In this study, we developed a motorized commutator system which is automatically controlled by video feedback. Previously developed motorized commutator systems employ torque sensors to detect tether twist, which can be effective but faces limitations, especially in smaller rodents. Here we used head directions computed by video tracker system to detect tether twist and use this information to correct the tether position on a trial-by-trial basis. This system successfully provided tether twist-free environment for animals performing our behavioral task during acquisition of neural activity data.

Methods

Subject, surgery, and behavioral task

Subject

Male C57BL6/J mice (n = 2) weighing 20 ~ 25 g were used in this study. Mice were housed individually in a Plexiglas cage under 12 h/12 h light–dark cycle. Water was limited but food was available ad libitum and body weights were maintained about 80 % of free-feeding weight. All procedures regarding animal care and handling were approved by the Institution of Animal Care and Use Committee of Kyungpook national university (South Korea) and all experimental protocols were performed in accordance with the guidelines for the Care and Use of Laboratory Animals of the National Institutes of Health (USA).

Surgery

The mice were anesthetized with an intraperitoneal injection of tribromoethanol (Avertin, 0.0125 mg/g of body weight). Deep anesthesia was confirmed by tail and paw pinches, which resulted in no withdrawal behavior. Then mouse head was fixed on a stereotaxic apparatus. Ophthalmic ointment was applied to prevent from drying eyes. After shaving and midline incision, skull surface was cleared using saline. Periosteum was scrapped off and holes were drilled and screws were implanted. A microdrive having 8 tetrodes was implanted above the M1 cortex targeting striatum, and dental cement was applied. After 1 week of recovery period, mouse was introduced to behavioral task.

Behavioral task

The schematic drawing of behavioral chamber, which is a modified version used for 5-choice serial reaction time task, is depicted in Fig. 2a [12]. At the start position, mouse was required to nose-poke to initiate a trial. Upon initiation visual cues on the opposite end of the maze were illuminated and the mouse was trained to move toward the cue position and nose-poke to the cued hole to receive reward. Correct nose pokes resulted in water delivery as a reward, but incorrect nose poke resulted in sudden black out of 5 to 8 s as a penalty. Since the water nozzle was located near the start position, mouse had to turn and move back to the start position to consume reward.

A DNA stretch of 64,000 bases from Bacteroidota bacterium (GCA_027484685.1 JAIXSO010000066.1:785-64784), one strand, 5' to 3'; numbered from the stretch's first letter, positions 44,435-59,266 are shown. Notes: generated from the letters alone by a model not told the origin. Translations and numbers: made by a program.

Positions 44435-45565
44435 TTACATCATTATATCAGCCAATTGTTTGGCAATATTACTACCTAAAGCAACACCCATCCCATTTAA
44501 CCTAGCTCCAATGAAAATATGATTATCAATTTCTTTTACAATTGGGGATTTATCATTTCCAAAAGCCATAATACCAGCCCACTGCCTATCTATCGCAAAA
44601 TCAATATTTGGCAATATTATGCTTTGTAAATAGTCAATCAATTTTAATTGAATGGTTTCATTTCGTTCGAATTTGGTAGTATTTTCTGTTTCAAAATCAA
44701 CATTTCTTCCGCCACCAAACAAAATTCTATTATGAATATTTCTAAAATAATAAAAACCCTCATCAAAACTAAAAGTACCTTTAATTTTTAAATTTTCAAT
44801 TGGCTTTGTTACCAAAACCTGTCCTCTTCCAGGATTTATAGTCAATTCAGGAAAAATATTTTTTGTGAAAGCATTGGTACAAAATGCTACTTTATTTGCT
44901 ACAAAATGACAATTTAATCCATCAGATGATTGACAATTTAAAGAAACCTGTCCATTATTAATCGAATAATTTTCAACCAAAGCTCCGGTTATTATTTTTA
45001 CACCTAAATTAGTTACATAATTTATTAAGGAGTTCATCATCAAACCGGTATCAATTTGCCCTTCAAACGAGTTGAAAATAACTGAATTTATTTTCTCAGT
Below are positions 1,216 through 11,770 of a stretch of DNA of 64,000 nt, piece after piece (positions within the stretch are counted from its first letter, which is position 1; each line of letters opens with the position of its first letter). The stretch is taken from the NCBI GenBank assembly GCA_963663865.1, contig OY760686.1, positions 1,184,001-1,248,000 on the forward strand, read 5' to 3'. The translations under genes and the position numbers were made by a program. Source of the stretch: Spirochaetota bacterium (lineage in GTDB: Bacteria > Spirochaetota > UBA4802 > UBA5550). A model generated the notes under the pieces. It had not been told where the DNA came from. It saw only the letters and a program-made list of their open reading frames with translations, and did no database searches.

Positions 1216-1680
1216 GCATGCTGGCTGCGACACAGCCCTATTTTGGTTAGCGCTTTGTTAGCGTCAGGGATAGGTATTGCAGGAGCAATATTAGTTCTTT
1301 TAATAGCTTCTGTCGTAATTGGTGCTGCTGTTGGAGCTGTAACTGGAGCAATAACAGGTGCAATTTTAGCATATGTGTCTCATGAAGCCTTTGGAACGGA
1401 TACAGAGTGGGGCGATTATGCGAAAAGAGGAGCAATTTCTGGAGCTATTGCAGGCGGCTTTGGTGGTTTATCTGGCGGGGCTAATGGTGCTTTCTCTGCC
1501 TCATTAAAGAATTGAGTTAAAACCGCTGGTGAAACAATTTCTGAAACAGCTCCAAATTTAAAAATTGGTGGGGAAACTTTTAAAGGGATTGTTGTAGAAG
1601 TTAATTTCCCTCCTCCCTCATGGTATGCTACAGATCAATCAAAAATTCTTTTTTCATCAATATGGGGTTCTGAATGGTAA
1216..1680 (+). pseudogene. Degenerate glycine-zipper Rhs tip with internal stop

Development of automatic commutator control system

  • First step: refinement of the video tracking to improve the accuracy to detect behavioral parameters such as X, Y coordinates or head-directions

  • Second step: mechanical assembly of commutator system

  • Third step: development of algorithm to compute and judge whether or not the animal has made a turn

  • Final step: calibration of commutator with open loop tracking

First step: video tracking refinement

  • LED manipulation for video noise reduction

    For video tracking, we used digital amplifier (Digital Lynx SX, Neuralynx) with a headstage with two LEDs, red and green mounted alongside (HS-36, Neuralynx). Since it is impossible to control the intensity of the commercial LEDs, we covered the LEDs physically with layers of paraffin films to attenuate the center points’ intensities of LEDs to prevent saturation. Although we used a 2 mm diameter tether (TETH-HS-36-Litz, Neuralynx), sometimes the tether positioned between LEDs and camera, obstructing LED detection. We therefore added the curved aluminum reflectors behind LEDs to widen the spatial coverages of LEDs (Fig. 1a inset).

    The position of LEDs were adjusted to be perpendicular to animal’s rostro-caudal axis, that is, red and green LEDs were positioned left and right side of the animal’s head, respectively (Fig. 1a inset). This allowed continuous tracking even when an animal changes its head direction vertically, for example, during grooming or rearing against wall.

  • Improving SNR by image smoothing

    Since the behavioral chamber had glossy walls which could reflect the LEDs, causing errors in detection, the walls were matted via abrasion. In the altered chamber the reflected LED light was diffuse and its intensity was attenuated. To improve the SNR of video image, we smoothed incoming images at the initial sensing stage (Fig. 1a.h). The camera provided a dial to control the focusing level manually, so we adjusted the level slightly out of focus to get pre-smoothing filtered images. For general behavioral monitoring purposes, we used an additional video camera.

Second step: mechanical assembly

We used 56 circuits slip-ring (PSR-C56, Pan-Link technology; Fig. 1b.e). The wires of both ends were soldered to connectors (MDR connector, 50 pin, 3 M Korea) which matches to the adapter of existing amplifier system (ADPT-HS-36-DRS, Neuralynx).

To rotate it using a DC motor (5 V FM1502, D&J WITH, Korea; Fig. 1b.f), a pulley of diameter 60 mm was glued to rotary joint which connected to tether (Fig. 1b.d). A small sized pulley (diameter of 6 mm) was attached to the DC motor shaft. Those two pulleys were linked using a rubber belt so that motor power was transferred through the pulley. The distance between center points of each pulley was approximately 85 mm.